Why Every Nation Music?
How It Started, Where It’s Headed, and Why It’s So Important
by STEVE MURRELL — In the months since our 2013 Every Nation GO conference in Orlando, my two top priorities have been 1) continuing to strengthen Every Nation Campus Ministries and 2) launching Every Nation Music. The first priority is a no-brainer — we will always work to improve our effectiveness on the university campuses. But Every Nation Music as a top priority? That might need some explanation.
At an Every Nation North American Leadership Team gathering three years ago, Russ Austin (then North American Regional Director) began to make the case for an expression of music unique to our movement. Kevin York, Executive Director of Every Nation Churches, and I were equally convinced — this was definitely NOT something we wanted to pursue. Way too much time, energy, and expense required.
But then Russ’s proposal began to make more sense. Russ had pointed to a well-known phenomena about music and popular culture:
“People connect a particular song or style of music with memorable moments in their lives. It could the number one song on the chart from their freshman year in college, music from the 90s, or a sad country song they heard just after breaking up with someone. It could also be worship music from the moment they had an extraordinary experience with God. Connecting that experience with the words and sound of a particular song or style of music revives the memory and meaning of those moments.”
SUSTAINING MOVEMENTS Music has always been associated with movements. Not satisfied with simply a “Top-Ten” list, Martin Luther (1483-1546) nailed his top Ninety-five complaints and theological propositions to the door of a church in Wittenberg, Germany. It was that posting in 1517 that went viral and became the Protestant Reformation. Very few protestant church members have actually read Luther’s Ninety-five Theses, but millions still sing A Mighty Fortress Is Our God. Many people know all the verses by heart.
Most of the music from Luther’s period is out of style for contemporary worship. However, the music and message of some Reformation era hymns are so powerful, they’ve transcended a dozen generations of worshippers. Songs like A Mighty Fortress Is Our God just won’t go away, and in fact, they’re being updated and adapted for today’s contemporary worship services.
Most Christians know that the Protestant Reformation gained its momentum through the preaching and writings of theologians like Martin Luther, John Calvin, John Wycliffe, William Tyndale, and many others. What most don’t know, however, is that many of the reformers were also songwriters. Their songs sustained the idea of the Reformation as much as their writings and sermons and those of their successors.
These great figures of the English Awakening were more than just preachers; many were also prolific songwriters.
Think about the sustainability of Christianity’s greatest movements, those that have lasted for multiple generations. The English Awakening of the seventeenth century produced some of Christian history’s greatest preachers. Both the great John Wesley (1703-1791) and his brother Charles (1707-1788) became fantastically effective open-air preachers. However, these great figures of the Awakening were more than just preachers; many were also prolific songwriters.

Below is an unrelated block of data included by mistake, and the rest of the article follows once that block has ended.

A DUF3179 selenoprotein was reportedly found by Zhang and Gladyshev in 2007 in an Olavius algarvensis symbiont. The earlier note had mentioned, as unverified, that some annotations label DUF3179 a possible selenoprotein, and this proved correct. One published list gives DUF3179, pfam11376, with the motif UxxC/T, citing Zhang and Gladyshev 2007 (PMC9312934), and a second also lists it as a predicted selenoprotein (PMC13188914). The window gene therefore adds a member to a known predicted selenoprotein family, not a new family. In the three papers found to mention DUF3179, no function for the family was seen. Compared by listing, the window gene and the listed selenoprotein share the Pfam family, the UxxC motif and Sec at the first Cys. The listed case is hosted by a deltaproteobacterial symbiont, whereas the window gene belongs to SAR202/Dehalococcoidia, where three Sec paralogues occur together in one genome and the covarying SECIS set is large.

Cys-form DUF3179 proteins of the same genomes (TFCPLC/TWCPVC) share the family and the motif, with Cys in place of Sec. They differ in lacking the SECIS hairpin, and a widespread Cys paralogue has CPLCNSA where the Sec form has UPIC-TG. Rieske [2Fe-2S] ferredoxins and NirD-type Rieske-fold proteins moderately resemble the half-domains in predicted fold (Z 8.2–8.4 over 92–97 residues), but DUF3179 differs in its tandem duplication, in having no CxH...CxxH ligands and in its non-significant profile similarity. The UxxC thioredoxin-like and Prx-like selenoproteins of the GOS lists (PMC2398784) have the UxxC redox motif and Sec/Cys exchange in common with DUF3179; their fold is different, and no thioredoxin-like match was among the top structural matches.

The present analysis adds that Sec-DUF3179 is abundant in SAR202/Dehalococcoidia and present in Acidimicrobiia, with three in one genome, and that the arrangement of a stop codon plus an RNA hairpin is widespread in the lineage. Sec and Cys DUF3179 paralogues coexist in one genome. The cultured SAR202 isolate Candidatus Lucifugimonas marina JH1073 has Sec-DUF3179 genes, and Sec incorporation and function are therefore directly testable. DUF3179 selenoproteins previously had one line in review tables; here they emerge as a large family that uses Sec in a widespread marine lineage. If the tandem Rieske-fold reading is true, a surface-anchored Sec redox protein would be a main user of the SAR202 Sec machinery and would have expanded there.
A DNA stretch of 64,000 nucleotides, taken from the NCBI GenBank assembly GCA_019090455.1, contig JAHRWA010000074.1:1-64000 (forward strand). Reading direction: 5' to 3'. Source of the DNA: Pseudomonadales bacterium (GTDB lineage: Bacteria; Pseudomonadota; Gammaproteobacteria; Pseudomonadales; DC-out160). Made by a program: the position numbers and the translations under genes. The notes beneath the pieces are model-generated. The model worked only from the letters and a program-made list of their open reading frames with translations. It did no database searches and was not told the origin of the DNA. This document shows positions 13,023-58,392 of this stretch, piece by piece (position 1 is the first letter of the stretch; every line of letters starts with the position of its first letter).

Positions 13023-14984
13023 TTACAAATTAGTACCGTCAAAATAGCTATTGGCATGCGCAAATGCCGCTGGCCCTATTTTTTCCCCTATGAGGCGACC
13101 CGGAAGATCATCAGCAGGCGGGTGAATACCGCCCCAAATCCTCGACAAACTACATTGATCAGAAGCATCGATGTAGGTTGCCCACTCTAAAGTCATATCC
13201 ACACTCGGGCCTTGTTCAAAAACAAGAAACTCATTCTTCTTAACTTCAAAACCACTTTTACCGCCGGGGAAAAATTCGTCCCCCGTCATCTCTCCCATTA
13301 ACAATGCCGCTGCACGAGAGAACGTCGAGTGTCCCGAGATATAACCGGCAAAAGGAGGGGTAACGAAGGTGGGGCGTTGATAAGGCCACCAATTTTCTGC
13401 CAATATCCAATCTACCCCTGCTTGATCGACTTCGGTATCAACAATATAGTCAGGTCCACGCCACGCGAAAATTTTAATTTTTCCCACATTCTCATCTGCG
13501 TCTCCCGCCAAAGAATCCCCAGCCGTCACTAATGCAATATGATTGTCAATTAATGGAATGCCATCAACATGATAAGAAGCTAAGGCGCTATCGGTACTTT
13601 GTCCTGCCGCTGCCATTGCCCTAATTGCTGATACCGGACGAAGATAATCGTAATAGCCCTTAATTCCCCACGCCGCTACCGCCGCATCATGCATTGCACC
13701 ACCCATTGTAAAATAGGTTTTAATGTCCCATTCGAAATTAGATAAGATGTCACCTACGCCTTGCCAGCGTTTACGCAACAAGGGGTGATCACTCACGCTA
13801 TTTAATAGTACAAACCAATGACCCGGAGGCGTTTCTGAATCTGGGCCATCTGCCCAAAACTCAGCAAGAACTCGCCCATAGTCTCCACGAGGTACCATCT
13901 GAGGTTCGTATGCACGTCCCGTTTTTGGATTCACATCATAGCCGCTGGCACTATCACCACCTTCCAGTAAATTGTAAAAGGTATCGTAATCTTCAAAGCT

— John Wesley wrote approximately 800 songs.
— Charles Wesley wrote 8,989, averaging ten lines of lyrics every day for over fifty years. His hymnOh for a Thousand Tongues to Sing is one of my favorites.
— The great revivalist George Whitefield (1714–1770) wrote an entire collection of songs that “converted” tunes from bars, plays, and folk songs into worship music by simply substituting in powerful Christian lyrics.
— Jonathan Edwards is known as the father of the First Great Awakening in America. Edwards and songwriter, Isaac Watts (Alas and Did My Savior Bleed and When I Survey the Wondrous Cross), were on the forefront of efforts to introduce contemporary music into Puritan worship. Up until then, lyrics were exclusively from the Psalms, music was typically awful, and three-part harmony was considered scandalous.
— The Second Great Awakening in nineteenth-century America was characterized and perpetuated by the music of camp-meeting revivals.
— One hundred years ago, Salvation Army was known more for its street bands than for the preaching of William Booth.
—Billy Graham crusades are known by the music of George Beverly Shea and Ethel Waters.
More recently, the Vineyard Movement is known much more for its music than its preachers. But perhaps the best contemporary example is Brian Houston, pastor of Hillsong Church in Sydney, Australia. Brian’s message is distributed all over the world by Hillsong Music.
TRANSMITTER OF VISION AND THEOLOGY Christians pick up some bad ideas from catchy worship tunes with lyrics that are either painfully superficial or just theologically off the tracks. On the other hand, music that captures the message and the spirit of a movement has a way of deepening and perpetuating that movement. We need to learn the lessons of history. Without a corresponding music component, our message will not have the legs to carry it around the world and forward into succeeding generations.
Steve Murrell is the cofounder and President of Every Nation Ministries.